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Bruins Fall Behind Early, Drop Game 3 to Habs, 4-2

The Bruins once again went down two goals (three goals, at one point), but there wasn't quite enough third period magic to make up for it tonight.

Francois Laplante/FreestylePhoto

Well, it turns out you can't win every game where you enter the third period trailing, and, with any luck, the Bruins will go about this a little differently on Thursday night. Tonight, they dropped the first away game of the series, 3-2, after going down 3-0 at one point in front of a (obviously) sold-out Bell Centre crowd.

The Habs once again broke through first, taking a 1-0 lead at 10:57 of the first, scoring on a tic-tac-toe play from PK Subban to Thomas Vanek to Tomas Plekanec. I'm not sure it's possible to fit more "Bruins killer" in one goal. I can't deny that the passing play itself, and the finish by Turtleneck, were both beautiful plays, but I would like to note that neither Jarome Iginla or Kevan Miller was able to pick up the "toe" part of the play, and Plekanec was virtually uncovered as a result. I suppose you could also ask who Torey Krug was planning on covering on the play, but one of the first two players needed to intercept Pleks's net drive. Defensive Breakdown No. 1.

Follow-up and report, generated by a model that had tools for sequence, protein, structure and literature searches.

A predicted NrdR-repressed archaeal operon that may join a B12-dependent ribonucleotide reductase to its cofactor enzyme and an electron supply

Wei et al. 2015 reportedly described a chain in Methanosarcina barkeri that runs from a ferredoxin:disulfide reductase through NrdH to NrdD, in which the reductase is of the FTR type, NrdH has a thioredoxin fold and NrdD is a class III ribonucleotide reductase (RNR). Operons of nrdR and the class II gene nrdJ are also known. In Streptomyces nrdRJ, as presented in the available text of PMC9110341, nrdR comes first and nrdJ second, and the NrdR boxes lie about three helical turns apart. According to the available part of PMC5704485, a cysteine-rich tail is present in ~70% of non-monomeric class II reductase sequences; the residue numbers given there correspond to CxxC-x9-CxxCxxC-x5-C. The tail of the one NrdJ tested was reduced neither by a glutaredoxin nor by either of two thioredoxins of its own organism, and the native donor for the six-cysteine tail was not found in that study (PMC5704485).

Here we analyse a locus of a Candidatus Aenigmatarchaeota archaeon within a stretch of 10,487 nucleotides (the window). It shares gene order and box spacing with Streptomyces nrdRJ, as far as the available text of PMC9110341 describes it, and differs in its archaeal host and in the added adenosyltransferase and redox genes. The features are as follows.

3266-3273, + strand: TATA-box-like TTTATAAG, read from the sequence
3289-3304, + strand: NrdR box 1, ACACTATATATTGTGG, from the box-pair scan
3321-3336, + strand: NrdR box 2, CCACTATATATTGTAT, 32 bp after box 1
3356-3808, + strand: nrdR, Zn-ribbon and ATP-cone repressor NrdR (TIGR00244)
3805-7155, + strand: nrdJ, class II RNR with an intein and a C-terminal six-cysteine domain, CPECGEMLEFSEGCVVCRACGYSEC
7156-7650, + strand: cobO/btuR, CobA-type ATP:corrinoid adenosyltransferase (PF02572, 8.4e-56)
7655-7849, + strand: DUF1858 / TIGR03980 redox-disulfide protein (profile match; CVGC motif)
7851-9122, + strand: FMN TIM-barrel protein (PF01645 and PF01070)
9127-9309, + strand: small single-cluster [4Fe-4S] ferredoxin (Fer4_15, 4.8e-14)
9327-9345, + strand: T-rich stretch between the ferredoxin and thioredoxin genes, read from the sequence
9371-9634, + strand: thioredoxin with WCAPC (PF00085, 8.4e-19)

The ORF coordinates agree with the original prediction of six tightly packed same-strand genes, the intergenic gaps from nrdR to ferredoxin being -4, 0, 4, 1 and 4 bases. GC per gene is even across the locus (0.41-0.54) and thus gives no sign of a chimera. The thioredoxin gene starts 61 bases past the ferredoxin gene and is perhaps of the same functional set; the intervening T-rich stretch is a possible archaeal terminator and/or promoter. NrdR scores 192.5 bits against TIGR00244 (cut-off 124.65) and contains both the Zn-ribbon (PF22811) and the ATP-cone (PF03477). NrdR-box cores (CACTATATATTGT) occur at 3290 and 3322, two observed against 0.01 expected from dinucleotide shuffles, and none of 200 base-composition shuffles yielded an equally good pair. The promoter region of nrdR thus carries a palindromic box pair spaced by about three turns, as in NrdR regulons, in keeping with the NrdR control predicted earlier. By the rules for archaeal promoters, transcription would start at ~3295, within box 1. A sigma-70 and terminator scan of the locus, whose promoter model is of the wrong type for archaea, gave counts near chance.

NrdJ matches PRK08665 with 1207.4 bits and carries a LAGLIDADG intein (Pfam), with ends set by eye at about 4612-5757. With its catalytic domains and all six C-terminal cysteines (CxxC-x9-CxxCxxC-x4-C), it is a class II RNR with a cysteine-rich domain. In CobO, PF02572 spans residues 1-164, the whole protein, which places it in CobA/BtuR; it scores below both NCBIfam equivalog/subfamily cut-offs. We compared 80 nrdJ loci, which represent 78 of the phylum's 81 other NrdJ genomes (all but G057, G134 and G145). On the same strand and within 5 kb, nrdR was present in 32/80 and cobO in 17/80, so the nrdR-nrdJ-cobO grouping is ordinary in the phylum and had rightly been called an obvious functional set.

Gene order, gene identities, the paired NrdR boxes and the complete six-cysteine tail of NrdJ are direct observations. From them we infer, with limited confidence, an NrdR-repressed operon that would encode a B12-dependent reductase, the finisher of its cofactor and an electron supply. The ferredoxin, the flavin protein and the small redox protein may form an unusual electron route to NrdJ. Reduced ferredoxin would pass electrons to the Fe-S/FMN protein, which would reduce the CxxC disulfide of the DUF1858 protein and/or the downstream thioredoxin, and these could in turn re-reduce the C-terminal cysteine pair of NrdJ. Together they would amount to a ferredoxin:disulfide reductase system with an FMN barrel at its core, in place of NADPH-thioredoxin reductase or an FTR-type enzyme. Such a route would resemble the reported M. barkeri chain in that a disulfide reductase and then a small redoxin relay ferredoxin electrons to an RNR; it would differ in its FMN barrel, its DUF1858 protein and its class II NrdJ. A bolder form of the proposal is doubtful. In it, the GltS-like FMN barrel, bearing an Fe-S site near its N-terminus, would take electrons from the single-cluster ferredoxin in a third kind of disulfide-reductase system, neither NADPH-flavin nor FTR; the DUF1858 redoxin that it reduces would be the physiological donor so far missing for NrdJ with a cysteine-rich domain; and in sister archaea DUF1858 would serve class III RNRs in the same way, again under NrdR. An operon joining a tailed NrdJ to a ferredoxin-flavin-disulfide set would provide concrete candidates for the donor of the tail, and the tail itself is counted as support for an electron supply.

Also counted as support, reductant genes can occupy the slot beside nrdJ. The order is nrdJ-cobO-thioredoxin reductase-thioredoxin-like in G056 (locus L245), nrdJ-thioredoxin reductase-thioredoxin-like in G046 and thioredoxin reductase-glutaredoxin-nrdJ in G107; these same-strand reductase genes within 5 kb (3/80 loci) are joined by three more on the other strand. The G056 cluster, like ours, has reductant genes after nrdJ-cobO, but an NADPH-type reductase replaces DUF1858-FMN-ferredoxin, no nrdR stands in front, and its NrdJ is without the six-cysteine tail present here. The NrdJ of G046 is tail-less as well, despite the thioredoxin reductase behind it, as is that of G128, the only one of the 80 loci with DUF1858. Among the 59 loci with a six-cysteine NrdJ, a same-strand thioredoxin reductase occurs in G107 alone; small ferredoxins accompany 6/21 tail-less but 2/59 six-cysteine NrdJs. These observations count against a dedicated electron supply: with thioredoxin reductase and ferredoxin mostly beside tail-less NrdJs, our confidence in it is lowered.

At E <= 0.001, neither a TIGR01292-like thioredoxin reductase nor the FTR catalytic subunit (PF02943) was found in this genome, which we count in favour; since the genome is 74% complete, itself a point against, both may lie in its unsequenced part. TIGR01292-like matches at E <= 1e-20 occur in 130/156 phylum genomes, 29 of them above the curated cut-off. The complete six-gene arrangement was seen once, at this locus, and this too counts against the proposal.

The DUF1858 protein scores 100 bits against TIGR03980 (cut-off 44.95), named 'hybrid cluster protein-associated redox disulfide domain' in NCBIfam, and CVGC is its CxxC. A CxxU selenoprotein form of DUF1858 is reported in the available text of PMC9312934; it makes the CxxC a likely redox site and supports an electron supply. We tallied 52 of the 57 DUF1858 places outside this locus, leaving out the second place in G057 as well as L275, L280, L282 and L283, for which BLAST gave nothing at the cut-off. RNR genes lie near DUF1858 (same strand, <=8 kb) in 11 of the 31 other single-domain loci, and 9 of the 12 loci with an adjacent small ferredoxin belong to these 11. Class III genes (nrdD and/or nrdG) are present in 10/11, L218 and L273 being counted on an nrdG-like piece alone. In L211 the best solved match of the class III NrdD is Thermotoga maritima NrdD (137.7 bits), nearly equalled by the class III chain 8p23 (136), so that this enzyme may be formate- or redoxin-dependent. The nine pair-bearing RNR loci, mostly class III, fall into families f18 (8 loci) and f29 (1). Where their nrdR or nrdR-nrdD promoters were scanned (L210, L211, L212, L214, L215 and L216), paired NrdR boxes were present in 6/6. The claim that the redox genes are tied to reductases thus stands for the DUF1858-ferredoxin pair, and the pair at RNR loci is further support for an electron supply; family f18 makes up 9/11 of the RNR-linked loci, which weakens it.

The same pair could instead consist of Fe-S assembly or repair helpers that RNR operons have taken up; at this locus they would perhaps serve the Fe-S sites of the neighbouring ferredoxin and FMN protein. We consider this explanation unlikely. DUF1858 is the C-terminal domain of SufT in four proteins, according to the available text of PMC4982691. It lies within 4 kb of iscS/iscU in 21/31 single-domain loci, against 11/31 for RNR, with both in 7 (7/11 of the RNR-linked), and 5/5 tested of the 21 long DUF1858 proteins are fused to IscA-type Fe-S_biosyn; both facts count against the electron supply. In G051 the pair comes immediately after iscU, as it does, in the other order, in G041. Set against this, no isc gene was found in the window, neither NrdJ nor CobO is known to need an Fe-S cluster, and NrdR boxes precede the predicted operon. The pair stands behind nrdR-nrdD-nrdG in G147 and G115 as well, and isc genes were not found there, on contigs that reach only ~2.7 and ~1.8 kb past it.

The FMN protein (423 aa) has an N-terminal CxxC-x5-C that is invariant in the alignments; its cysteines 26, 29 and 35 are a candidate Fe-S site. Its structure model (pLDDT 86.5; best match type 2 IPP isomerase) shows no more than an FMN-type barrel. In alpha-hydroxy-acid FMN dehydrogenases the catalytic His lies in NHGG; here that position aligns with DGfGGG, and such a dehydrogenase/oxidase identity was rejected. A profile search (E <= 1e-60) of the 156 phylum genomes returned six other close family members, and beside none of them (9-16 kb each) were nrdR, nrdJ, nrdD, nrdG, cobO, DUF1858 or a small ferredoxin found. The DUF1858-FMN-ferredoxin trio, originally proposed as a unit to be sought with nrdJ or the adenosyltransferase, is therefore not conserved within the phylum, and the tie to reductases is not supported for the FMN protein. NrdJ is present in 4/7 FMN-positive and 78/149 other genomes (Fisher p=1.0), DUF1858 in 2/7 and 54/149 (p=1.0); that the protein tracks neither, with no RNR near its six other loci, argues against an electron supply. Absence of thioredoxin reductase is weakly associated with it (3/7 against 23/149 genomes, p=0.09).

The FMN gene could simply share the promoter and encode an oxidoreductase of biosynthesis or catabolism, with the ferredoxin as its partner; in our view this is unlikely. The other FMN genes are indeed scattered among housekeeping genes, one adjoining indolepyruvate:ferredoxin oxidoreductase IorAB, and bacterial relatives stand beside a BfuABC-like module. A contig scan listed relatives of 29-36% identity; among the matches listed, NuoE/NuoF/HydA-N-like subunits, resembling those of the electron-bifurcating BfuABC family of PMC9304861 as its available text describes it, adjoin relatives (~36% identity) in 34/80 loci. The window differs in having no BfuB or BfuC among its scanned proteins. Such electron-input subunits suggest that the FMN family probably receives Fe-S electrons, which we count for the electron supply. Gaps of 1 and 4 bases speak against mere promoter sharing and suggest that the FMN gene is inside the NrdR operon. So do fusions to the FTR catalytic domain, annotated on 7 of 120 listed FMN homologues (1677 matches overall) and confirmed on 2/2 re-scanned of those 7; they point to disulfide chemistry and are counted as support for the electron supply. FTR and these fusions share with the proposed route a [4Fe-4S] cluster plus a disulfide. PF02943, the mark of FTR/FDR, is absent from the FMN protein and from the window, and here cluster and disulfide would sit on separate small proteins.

A little under three minutes later, the hated Canadiens made it 2-0. PK Subban had been in the box after throwing a bit of an elbow at Reilly Smith's chest on an otherwise legal check (I put it this way because I don't think there was headhunting involved), and after a very 2011ish Bruins Power Play, Dougie Hamilton was distracted by high-pitched noises that only he could hear, allowing Subban to exit the box, pick up the home run pass from Lars Eller, and walk in alone on Tuukka Rask. Subban deke to the forehand and score, completing Defensive Breakdown No. 2.